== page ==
Islet Transplantation

islet cellVision Into Reality

It has been nearly ten years since the groundbreaking study known as the Edmonton Protocol rocked the diabetes world.  During this time, we at UCSF have been focused on improving our own pancreatic islet transplantation techniques to more effectively restore insulin independence in patients with diabetes.

We are pleased to report that our team of clinical researchers and islet transplant surgeons has performed this minimally invasive procedure on numerous patients with great success.  As our ability to harvest islets from cadaver organs has improved and our drug protocols have become more effective, our success rate in “curing” patients with diabetes is on the rise.  

Even though we have proved that islet transplantation works, numerous challenges still exist.  

Unfortunately, there are far too few donor organs available to provide the islet cells necessary to cure the millions of patients with diabetes in this country.  Fortunately, we have numerous researchers at UCSF who are tackling the islet shortage problem – and we should have good news soon.

Additionally, current drug therapies designed to prevent transplant rejection must be taken for life and are wrought with potential side effects.  Fortunately, we are among the most respected centers in the world in the area of “immune tolerance” and our team continues to make progress in creating safer alternatives to current immunosuppressive drug therapies.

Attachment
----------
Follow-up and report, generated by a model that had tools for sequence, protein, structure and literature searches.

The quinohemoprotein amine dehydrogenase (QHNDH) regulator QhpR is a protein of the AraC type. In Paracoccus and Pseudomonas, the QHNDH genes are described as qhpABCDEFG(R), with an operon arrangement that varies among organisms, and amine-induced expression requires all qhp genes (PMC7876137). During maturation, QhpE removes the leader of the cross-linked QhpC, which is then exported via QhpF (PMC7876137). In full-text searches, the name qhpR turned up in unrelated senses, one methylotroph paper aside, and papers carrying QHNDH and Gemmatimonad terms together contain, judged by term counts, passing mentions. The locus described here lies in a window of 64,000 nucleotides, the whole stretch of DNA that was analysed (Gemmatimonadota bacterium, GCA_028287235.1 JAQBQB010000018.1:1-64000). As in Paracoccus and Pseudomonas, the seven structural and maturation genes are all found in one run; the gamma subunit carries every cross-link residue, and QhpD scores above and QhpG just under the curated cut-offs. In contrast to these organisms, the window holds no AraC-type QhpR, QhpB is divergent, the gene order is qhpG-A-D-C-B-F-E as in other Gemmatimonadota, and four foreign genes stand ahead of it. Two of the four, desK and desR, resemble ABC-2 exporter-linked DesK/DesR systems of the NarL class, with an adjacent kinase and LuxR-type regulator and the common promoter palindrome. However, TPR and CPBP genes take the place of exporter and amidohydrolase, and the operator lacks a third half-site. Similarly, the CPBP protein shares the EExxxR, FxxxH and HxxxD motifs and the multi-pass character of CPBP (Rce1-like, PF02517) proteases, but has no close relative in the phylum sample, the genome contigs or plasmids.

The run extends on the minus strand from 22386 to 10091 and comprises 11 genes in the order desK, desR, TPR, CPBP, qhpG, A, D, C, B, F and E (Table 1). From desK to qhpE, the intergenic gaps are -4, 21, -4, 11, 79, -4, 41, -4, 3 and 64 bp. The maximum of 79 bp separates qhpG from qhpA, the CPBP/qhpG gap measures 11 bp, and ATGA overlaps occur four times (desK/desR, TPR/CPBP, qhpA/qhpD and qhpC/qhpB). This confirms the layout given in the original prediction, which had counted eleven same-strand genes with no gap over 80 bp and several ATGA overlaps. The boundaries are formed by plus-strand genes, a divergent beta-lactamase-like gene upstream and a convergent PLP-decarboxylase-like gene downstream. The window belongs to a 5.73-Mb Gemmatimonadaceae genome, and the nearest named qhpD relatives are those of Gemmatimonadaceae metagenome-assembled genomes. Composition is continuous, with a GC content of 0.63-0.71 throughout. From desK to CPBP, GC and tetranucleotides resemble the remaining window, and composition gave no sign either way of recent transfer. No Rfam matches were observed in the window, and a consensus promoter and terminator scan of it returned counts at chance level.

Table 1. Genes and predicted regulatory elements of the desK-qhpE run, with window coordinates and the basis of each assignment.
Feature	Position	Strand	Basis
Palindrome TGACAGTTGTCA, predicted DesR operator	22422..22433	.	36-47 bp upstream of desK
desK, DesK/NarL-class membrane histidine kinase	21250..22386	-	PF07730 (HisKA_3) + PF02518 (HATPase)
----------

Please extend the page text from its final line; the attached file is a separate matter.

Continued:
UCSF is a member of the CIT Consortium, an international collaborative effort that is conducting several clinical trials examining the outcomes of islet transplantation in type 1 diabetes and evaluating the efficacy of novel immunosuppressive agents in preventing islet rejection.  If you are interested in learning more, please download a CIT Consortium Brochure.

In addition, our single-center trial for islet transplantation is sponsored by the Juvenile Diabetes Research Foundation and is looking at the outcomes of transplanted patients treated with new immunosuppressive drugs.

Islet Room

To learn more about our islet transplantation clinical trials, contact islettransplant@ucsfmedctr.org 

FOR MEDICAL PROFESSIONALS:  Please download a copy of our "Dear Colleague" letter that describes our islet transplantation trials in greater detail.

 
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